I think you've hit pretty close to home for most of us here, although I hadn't really considered it this way before. Personally, I don't tend to enjoy high-magic games as much since I cannot identify at all with my character, the world, and it just seems ridiculous after a certain point that hundreds or thousands of different sentient species share the same world. Plus, playing a half celestial high elf wizard/rogue/arcane trickster just stretched believabilty past the breaking point for me. It would take a truly exceptional DM to run a high fantasy world that really sucked me in. Unfortunatly, most DMs run high magic games where all non-human creatures have very human-like mindsets and motives, and the thing just falls apart. I can't really even think of a published high-magic world where this principle isn't strained to the point of breaking.

I find low magic/GnG much more compelling since I can identify with the character, his concerns, fears, and aspirations. True, its more like real life, but thats the frame of reference we come from, and can relate to easily. Besides, real life ain't that bad at all. And I can personally attest that a success in a low magic game gives me a much greater sense of accomplishment- I feel like I figured things out and came through, rather than shooting my most powerful magic whatzit to solve the problem. And you haven't really gamed until you've been in a situation that scared you/made you uneasy based on the events in game- and fear is a VERY hard emotion to capture in fantasy, let alone in a high magic game. Also, I have found as a DM that it is easier to motivate players to really become invested in the game if they can identify strongly with their character, and in the case of 90% of the players I have known, this is MUCH easier to do in a low magic/GnG game.
 

milotha

First Post
Gothmog said:
And I can personally attest that a success in a low magic game gives me a much greater sense of accomplishment- I feel like I figured things out and came through, rather than shooting my most powerful magic whatzit to solve the problem. And you haven't really gamed until you've been in a situation that scared you/made you uneasy based on the events in game- and fear is a VERY hard emotion to capture in fantasy, let alone in a high magic game.


I've been in numerous normal or high magic games where the GM has been able to instill a sense of fear or emotion in the characters. I find that that has nothing to do with the level of magic in the world. The fear of a TPK can be very real in either type of campaign setting. If you really care about your character, their death can be traumatic no matter the level of magic. I've also gamed in low magic campaigns where my character seemed ineffectual and inconsequential, and thus when they died, I didn't care as much. So, I guess "I've really gamed" in both high magic and normal magic worlds.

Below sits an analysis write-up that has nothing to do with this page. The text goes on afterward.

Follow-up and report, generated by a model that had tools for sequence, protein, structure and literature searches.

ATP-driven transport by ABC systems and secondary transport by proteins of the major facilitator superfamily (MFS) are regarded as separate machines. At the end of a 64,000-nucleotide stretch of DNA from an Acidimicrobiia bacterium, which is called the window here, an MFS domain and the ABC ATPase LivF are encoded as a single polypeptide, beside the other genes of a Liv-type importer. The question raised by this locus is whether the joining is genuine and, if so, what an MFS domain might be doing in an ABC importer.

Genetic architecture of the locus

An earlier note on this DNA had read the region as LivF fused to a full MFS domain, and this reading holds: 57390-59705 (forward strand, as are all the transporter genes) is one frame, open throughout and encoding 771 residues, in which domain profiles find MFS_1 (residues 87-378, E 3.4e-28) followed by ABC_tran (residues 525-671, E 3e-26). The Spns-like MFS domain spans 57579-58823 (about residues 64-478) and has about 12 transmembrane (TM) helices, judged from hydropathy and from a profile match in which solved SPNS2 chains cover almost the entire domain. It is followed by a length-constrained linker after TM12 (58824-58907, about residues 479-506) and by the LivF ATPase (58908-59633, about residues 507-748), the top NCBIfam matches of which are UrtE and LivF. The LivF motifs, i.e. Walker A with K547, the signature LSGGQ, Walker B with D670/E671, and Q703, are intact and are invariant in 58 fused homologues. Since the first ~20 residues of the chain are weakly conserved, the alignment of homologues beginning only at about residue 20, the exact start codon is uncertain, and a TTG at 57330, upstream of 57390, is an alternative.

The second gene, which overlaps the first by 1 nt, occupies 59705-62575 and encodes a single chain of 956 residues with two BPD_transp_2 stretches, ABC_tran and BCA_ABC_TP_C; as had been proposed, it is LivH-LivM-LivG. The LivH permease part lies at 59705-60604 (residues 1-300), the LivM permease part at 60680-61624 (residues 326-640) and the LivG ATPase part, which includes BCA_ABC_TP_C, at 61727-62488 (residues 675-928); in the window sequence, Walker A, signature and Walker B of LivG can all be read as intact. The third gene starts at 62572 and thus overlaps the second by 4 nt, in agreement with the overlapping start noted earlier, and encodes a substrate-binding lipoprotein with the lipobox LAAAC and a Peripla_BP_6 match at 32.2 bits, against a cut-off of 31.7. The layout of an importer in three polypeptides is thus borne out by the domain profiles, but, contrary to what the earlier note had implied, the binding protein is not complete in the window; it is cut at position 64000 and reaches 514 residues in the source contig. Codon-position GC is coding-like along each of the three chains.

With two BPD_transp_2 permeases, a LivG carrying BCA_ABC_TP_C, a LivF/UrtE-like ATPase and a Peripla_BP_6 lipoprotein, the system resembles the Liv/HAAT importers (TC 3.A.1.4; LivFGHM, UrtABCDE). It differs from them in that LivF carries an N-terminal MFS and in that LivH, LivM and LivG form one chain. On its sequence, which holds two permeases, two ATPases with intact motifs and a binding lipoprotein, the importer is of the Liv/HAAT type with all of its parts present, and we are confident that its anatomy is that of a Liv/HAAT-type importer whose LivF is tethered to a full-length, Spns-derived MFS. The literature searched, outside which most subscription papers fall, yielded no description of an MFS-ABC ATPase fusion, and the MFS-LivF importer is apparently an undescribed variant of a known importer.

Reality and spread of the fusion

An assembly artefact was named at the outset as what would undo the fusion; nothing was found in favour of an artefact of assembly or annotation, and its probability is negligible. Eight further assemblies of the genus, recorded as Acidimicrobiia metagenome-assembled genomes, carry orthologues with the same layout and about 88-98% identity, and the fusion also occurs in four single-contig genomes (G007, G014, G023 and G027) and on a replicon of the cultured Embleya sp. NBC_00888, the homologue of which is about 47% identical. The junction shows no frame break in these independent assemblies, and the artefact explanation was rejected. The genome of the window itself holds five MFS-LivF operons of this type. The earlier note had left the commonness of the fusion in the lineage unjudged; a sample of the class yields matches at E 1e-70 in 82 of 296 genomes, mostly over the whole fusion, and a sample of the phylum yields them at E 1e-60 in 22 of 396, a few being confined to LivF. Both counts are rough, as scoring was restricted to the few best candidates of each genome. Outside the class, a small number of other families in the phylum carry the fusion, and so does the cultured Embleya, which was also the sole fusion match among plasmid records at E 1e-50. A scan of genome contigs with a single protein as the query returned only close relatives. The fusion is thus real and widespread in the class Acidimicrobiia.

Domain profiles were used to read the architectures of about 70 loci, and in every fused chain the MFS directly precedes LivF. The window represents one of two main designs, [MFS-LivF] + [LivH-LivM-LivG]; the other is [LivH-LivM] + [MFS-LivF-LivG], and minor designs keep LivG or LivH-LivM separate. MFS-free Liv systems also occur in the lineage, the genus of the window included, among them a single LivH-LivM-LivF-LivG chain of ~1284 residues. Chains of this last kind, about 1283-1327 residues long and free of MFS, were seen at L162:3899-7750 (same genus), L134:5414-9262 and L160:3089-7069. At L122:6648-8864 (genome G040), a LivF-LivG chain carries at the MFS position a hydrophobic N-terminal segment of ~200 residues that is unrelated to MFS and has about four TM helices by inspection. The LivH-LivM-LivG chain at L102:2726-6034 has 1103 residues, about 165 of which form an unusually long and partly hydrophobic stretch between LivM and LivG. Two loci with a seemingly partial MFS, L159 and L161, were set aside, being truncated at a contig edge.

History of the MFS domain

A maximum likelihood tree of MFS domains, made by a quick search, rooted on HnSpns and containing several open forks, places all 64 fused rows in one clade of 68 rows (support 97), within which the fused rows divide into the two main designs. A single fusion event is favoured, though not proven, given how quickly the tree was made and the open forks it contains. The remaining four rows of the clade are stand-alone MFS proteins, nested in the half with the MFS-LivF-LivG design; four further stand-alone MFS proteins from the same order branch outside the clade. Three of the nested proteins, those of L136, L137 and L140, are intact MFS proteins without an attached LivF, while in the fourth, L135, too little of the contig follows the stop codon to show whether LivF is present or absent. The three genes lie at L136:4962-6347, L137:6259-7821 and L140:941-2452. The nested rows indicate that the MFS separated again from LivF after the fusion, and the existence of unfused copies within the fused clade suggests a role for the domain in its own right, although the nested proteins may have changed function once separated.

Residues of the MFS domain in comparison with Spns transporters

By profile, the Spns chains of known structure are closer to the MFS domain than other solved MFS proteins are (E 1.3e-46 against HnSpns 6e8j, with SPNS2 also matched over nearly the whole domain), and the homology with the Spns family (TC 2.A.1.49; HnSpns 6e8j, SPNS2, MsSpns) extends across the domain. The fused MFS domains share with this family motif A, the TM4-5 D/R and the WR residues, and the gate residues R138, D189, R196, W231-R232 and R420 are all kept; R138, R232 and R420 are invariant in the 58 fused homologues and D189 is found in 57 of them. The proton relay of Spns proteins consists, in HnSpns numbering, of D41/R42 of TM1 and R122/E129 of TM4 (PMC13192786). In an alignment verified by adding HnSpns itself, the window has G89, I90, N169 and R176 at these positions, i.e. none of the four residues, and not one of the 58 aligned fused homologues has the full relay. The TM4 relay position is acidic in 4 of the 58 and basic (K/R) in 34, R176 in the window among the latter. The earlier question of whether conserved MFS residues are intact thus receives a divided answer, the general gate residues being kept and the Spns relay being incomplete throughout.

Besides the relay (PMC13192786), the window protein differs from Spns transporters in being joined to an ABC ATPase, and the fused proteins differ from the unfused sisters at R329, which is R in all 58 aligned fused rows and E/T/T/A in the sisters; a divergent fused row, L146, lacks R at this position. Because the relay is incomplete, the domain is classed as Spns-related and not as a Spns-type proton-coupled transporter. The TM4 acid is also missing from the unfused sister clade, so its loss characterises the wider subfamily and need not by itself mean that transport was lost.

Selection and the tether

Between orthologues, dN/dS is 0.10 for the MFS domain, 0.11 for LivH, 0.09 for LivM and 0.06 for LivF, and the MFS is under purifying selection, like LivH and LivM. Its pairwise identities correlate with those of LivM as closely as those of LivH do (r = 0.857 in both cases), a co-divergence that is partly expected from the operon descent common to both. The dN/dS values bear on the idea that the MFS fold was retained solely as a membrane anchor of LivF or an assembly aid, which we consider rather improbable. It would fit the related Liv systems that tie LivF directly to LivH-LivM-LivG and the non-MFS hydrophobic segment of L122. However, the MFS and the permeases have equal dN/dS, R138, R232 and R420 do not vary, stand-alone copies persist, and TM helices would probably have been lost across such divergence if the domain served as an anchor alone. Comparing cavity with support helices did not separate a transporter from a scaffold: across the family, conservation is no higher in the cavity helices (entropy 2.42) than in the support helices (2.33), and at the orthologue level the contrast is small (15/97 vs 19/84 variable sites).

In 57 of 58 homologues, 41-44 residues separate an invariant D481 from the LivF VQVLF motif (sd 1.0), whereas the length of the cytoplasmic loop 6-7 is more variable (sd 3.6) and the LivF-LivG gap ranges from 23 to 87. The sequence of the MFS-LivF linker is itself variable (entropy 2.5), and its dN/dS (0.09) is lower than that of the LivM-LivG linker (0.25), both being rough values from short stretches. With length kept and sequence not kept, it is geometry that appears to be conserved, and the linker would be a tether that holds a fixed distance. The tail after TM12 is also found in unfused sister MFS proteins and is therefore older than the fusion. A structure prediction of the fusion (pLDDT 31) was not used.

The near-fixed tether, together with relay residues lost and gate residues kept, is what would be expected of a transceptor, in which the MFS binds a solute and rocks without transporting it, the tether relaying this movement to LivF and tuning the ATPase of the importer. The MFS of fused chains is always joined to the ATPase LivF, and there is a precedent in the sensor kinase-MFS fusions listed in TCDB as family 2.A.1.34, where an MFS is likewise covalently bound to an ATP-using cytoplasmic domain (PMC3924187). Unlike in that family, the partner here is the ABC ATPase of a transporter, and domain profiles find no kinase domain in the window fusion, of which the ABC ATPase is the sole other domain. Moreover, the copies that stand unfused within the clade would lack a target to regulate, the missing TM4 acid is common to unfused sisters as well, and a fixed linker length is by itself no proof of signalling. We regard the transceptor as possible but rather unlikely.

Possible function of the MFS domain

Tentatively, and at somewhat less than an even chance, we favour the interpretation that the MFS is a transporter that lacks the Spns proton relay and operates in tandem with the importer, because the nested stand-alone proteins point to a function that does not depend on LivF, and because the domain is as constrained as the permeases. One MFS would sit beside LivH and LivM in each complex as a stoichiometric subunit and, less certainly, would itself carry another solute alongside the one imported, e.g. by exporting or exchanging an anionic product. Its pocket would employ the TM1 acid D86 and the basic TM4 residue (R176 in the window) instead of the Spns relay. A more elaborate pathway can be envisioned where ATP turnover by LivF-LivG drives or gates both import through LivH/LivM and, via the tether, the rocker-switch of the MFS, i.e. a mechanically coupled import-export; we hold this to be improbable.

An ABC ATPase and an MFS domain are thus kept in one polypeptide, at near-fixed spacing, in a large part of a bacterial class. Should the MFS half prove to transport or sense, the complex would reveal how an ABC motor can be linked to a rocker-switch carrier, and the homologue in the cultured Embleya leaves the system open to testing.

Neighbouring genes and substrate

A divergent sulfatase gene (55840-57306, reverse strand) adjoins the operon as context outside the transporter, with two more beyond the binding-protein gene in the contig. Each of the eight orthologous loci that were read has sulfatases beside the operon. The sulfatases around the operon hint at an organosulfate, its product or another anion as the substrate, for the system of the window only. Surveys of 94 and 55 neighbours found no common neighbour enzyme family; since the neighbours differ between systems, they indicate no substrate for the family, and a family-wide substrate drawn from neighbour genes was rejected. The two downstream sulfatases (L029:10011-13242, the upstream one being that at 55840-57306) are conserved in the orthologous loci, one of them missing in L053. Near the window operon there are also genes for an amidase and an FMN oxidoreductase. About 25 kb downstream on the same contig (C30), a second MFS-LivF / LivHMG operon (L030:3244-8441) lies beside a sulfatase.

I must once again object to the view that you cannot really game in a high or normal magic campaign. I think this is a personal preference, and if people enjoy either/both type, more power to them. Your preference and the style of play that you choose doesn't invalidate your ability to be a good role player.
 

milotha said:
I must once again object to the view that you cannot really game in a high or normal magic campaign. I think this is a personal preference, and if people enjoy either/both type, more power to them. Your preference and the style of play that you choose doesn't invalidate your ability to be a good role player.
Why must you object to that, since Gothmog specifically said that he does not find high or "normal" magic campaigns engaging? He's saying it's a personal preference too, and not his. :uhoh: :confused:

I have no problem with folks who like to play D&D exactly as written. I do too, actually, although the games I really like have elements of LM/GnG due to my personal preference. I don't particularly like folks who don't care for LM/GnG telling me how I should play, or that I should just stick to low level, or that I should pick up a different game, or questioning why such a discussion even has any value. That really isn't very helpful in light of the question the original post in the thread asked.

Or in any light, come to think of it.
 
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Orius

Legend
Saeviomagy said:
To me
"Low magic" usually means "I hate handing out magical items, so I removed them, inadvertantly making anyone who plays a wizard or cleric significantly more powerful than the rest of the party, but that's ok, because I cover it by saying that wizards and clerics are uncommon. Even though there's one of each in every party."